We’ve been developing a new design system for government services.
GOV.UK Design System will contain all the styles, components and design patterns that teams in government need to create user-centred digital services.
Some of these things can already be found in the Service Manual, GOV.UK Elements and elsewhere, but we want to bring everything together in one place and make it easy for people to find, use and contribute to.
We want GOV.UK Design System to be a resource that can be used across government. To provide styles, components and patterns that are accessible, high quality and consistent. By doing this, we can make it easier and quicker for teams to design and build services, and enable them to spend more time tackling bigger design challenges.
GOV.UK Design System recently passed its alpha assessment, so we’re now building the platform and planning how to run the service for real.
Here’s what we’ve done so far and what we plan to do next.
The Design System is the culmination of a lot of work we’ve done to improve and consolidate the patterns and components that are already available.
Last year we built an alpha version of GOV.UK Frontend, which will be a single resource that service teams in government can use to implement frontend code.
We continued to publish new patterns in the Service Manual – such as task list and check before you start.
And we held a cross-government show and tell where departments shared their work on design systems, looked at the different approaches and highlighted common challenges.
It became clear from the show and tell that although different departments were working on their own systems, we were all reaching maturity at the same time and were ready to start working together.
We all saw the benefits of working towards a single, federated design system, where people get to develop their own patterns and contribute them back to the main collection.
This is what we are working towards with GOV.UK Design System.
Testing and prototyping
During the alpha phase of the project we developed a prototype to help us do user research and test our ideas.
We spoke to users from different communities of practice, including designers, developers and user researchers. We spoke to people from a range of government departments, agencies and external suppliers.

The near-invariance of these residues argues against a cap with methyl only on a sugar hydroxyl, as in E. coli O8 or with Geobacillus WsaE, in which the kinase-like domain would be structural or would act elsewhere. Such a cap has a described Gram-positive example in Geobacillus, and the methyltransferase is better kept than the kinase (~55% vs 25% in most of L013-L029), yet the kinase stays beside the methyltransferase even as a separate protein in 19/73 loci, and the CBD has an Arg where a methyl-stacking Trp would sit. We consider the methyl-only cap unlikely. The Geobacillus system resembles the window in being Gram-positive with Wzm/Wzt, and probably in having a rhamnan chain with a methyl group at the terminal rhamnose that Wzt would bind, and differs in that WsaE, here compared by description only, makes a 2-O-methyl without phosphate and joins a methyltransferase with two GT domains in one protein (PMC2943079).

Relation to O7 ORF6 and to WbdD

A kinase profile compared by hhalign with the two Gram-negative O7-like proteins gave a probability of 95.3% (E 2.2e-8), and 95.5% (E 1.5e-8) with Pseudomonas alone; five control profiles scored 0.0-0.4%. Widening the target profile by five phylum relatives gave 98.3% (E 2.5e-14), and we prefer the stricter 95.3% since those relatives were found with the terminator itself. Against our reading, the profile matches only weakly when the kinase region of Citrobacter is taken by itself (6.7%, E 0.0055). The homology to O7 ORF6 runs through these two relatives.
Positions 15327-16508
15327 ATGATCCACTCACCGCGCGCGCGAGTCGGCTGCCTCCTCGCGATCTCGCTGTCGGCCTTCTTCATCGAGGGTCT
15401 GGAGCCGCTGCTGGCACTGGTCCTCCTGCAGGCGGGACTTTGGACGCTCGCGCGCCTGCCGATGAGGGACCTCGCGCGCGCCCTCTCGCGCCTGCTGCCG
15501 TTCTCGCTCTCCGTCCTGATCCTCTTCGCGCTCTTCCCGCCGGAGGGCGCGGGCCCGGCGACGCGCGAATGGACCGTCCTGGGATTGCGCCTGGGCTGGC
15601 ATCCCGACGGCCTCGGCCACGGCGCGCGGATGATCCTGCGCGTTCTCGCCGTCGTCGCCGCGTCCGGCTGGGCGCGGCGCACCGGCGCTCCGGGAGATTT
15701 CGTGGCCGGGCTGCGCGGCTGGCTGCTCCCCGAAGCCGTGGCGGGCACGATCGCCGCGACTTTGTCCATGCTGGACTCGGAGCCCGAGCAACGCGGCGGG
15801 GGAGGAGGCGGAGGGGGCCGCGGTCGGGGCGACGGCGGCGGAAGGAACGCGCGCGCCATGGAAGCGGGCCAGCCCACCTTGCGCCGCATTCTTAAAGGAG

Their feedback, in usability research, interviews, workshops and surveys, helped us iterate the prototype, improving its navigation, structure, content and features.
During alpha, we went from 5 categories down to 3, identified the information users need in order to use patterns and components, simplified the navigation and added aliases to our search, so that people can search using terms they are familiar with. We also thought about how we’d support people using the service.
Building in beta
Now we’re in beta, the first step is to create an initial version of the Design System and populate it with all the existing styles, components and patterns. We’ll use this to test and iterate the platform.
We’re also further developing GOV.UK Frontend and looking at linking between it and the Design System, integrating frontend components into the Design System.
We’re looking for service teams to work with as part of our private (invite-only) beta. We want to understand what’s working well and what we can improve. If you’d like to be involved in private beta research, please get in touch.
We’ll also be piloting different models for supporting and assuring contributions to the Design System from around government.
Ultimately, we want GOV.UK Design System to be something that is owned by the people who use it.
Preparing for launch
Once we’re happy that the GOV.UK Design System is good enough we’ll roll it out as a public beta for everyone to try out.
In the meantime, you should continue to use the design patterns, components and styles found in the Service Manual and GOV.UK Elements.
If you’d like to know more, or would like to talk to us about getting involved in private beta research, please get in touch.